Chinas recovery is still not solid and
balanced, the countrys finance minister warned
today, as he pledged to keep in place the key elements of its
Writing exclusively in Emerging Markets, Xie Xuren
said Chinas proactive fiscal policy had helped the
economy continue to post strong rates of growth in the face of
a sharp contraction in demand for its exports.
Chinas macroeconomic policy and stimulus
package for coping with the international financial crisis are
effective, he said. Chinas economic growth is
contributing to the recovery of the world
But Xie acknowledged that the world economy still lacked a
firm foundation for a solid recovery. With
many uncertainties ahead, the process towards all-round
recovery will be slow and tortuous.
The recovery and stabilisation of the Chinese economy was
not yet steady, solid and balanced, Xie said,
adding that China would keep in place its proactive fiscal
policy and relatively low interest rates.
The Chinese stimulus package included a RMB (renminbi) 4
trillion two-year investment plan, tax cuts, higher subsidy
payments for low-income groups, and payouts to farmers and
rural workers worth RMB716 billion.
Looking ahead, Xie said the government would prevent any
sudden spike in inflation while continuing to find long-term
solutions to structural problems that were slowing
the sound development of the economy.
His comments followed briefings by senior Chinese officials
on the fringes of the G20 summit in Pittsburgh last month, in
which they gave commitments to keep stimulus measures in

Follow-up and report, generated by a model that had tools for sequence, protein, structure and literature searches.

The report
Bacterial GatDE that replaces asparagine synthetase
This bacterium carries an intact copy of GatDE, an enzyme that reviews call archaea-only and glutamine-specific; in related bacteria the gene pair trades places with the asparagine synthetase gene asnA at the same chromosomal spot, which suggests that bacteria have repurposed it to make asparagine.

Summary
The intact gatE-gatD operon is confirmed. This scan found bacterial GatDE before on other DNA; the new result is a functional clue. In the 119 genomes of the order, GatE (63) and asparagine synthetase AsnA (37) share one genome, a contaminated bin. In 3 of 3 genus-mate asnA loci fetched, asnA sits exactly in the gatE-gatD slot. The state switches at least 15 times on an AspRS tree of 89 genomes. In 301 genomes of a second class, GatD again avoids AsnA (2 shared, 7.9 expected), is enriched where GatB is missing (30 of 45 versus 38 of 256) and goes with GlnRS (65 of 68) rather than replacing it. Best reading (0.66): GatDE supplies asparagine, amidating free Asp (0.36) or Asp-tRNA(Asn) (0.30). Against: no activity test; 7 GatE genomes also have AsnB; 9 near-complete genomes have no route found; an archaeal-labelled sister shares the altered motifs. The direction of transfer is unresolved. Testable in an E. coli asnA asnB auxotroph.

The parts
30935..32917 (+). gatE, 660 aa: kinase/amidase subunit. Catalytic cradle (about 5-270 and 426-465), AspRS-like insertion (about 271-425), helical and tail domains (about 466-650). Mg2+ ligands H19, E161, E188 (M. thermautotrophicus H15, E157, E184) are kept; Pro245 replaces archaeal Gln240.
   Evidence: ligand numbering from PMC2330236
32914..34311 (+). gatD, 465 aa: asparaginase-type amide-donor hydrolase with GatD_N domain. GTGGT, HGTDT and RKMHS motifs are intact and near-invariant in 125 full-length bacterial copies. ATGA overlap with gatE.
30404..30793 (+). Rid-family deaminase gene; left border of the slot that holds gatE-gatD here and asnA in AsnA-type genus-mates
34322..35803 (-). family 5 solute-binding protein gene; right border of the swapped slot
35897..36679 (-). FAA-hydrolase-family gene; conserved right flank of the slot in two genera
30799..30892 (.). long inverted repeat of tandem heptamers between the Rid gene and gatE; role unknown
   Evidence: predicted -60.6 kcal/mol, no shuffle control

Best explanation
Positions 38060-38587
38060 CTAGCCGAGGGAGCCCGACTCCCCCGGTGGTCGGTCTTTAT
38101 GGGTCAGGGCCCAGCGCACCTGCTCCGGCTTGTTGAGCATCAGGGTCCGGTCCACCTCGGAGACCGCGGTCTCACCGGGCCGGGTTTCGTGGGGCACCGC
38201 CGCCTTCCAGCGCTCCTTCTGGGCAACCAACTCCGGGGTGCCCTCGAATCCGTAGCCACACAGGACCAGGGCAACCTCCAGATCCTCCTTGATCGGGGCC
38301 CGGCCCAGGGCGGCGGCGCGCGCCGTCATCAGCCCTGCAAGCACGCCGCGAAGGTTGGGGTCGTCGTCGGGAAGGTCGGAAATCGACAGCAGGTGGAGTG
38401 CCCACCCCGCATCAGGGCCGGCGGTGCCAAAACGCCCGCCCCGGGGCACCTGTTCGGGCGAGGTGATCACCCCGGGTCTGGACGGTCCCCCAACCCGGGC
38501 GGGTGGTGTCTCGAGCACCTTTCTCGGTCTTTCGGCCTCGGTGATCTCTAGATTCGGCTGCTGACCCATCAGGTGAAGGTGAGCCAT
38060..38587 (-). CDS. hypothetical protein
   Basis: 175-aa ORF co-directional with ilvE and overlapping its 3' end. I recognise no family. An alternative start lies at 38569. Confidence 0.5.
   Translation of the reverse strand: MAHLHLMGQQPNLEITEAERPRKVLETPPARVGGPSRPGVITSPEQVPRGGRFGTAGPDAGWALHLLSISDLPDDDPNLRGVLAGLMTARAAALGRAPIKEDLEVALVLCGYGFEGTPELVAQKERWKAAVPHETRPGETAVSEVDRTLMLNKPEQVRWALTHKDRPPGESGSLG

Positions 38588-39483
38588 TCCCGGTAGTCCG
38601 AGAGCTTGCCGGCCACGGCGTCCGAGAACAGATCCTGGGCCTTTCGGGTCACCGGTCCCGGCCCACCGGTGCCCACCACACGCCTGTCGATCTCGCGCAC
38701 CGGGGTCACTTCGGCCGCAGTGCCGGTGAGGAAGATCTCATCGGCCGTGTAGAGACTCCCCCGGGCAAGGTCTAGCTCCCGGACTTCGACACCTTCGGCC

Ma Xin, director general for international cooperation at
the National Development and Reform Commission, said that the
world economy was unbalanced and there were problems with the
economic models in both the US and China.
One of the problems is US growth based on high
consumption and low savings, and the Chinese model of low
consumption and high savings. It is a manifestation of the
imbalances in the world economy.
In his Emerging Markets article, Xie urged the
international community to make concerted efforts to
boost economic growth while actively promoting
balanced development internationally, without
specifying which countries needed to enact major policy
But speaking in Pittsburgh last week, Zheng Xiaosong,
director of international affairs at the finance ministry,
added there needed to be a wider rebalancing between the
developed and developing halves of the world.
You cant expect a few developing countries to
fill in the gap in domestic demand left by developed
countries, he said. I think that developed
countries should undertake greater responsibility for making
the world economy balanced and they should step up financial
and technical support for developing countries.
See Xie Xurens article: